Cooperation between airlines and manufacturers in developing planes and engines has been a persistent but changing feature of the industry. Leasing of materiel and subcontracting of maintenance have changed the value chain and the relation between airlines and the technical functions. The technical value chain of airlines has thus been subject to both differentiation and vertical integration in different directions. Handling of the technical value chain is in turn related to airline traditions, strategies, interorganizational relations and the cultural and institutional setting of airlines, manufacturers or service providers. Existing technologies are challenged and further developed by new high technology improvements (computerized controls, new materials, new engine configurations and components…). There are experiments with new fuels such as hydrogen which are not conclusive yet. Environmental policies have greatly influenced the development and use of aeroplanes over time: Development of fuel-saving and noise-abated engines, new materials to reduce weight and fuel consumption, improvement of air traffic control to increase the efficiency of flight operations, have marked airline policies over the years. This has not prevented significant increases of transport volume. The question now is how environmental policies will affect future technical change, business volume and strategies.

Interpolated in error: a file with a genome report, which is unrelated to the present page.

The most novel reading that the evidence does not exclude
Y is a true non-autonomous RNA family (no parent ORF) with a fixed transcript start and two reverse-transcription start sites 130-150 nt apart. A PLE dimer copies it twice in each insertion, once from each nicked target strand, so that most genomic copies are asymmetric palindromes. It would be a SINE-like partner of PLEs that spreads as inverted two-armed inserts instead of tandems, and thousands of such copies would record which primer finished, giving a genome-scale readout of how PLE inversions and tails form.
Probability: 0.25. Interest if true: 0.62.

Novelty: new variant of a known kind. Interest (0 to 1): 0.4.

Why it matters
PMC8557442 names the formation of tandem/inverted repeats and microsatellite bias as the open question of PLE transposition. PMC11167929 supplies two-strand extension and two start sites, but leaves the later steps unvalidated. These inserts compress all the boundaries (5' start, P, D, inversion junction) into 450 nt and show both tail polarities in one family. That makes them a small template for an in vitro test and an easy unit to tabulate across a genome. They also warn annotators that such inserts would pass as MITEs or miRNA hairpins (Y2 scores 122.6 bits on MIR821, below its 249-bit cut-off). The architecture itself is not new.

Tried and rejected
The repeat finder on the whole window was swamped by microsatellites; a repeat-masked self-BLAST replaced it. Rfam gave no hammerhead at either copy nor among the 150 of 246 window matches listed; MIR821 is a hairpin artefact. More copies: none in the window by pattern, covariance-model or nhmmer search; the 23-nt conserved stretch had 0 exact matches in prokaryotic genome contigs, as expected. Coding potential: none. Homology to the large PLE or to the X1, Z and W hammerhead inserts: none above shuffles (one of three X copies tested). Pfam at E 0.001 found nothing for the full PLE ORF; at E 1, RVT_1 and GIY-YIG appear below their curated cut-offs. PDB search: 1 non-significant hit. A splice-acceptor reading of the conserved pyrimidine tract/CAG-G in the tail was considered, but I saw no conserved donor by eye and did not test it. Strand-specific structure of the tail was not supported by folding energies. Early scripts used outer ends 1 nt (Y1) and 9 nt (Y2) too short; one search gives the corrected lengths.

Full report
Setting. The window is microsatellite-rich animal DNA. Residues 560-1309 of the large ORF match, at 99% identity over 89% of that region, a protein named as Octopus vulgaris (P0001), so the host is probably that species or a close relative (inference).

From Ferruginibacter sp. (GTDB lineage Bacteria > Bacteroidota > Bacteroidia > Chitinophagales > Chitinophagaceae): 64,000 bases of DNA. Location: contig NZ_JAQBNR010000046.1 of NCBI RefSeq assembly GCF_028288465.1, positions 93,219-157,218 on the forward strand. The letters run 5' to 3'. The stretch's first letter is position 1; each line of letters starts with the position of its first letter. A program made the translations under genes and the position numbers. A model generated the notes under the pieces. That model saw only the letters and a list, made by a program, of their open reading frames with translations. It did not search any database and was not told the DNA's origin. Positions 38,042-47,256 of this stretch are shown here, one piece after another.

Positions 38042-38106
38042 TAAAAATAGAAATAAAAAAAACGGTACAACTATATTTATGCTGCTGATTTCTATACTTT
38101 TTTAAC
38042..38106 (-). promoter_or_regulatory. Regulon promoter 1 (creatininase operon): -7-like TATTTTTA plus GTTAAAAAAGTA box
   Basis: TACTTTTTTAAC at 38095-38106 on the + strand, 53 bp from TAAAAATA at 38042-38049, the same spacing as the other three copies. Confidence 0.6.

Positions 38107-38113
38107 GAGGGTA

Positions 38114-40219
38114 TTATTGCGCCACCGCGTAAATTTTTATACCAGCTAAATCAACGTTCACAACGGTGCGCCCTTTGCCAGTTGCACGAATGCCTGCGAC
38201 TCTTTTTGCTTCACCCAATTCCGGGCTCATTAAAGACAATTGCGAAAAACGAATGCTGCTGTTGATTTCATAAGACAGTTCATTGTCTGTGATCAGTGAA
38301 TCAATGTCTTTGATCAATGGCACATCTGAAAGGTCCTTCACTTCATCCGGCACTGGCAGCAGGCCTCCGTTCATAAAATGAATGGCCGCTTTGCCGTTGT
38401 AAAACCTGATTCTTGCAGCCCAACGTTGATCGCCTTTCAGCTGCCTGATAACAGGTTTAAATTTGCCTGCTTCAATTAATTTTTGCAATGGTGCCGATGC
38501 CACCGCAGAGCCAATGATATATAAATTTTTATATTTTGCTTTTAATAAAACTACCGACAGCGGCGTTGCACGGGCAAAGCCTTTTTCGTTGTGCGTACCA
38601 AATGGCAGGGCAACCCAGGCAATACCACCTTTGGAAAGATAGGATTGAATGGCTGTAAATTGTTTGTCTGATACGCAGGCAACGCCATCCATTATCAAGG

Prof. Arndt Sorge, Univ. of Groningen and Univ. of Potsdam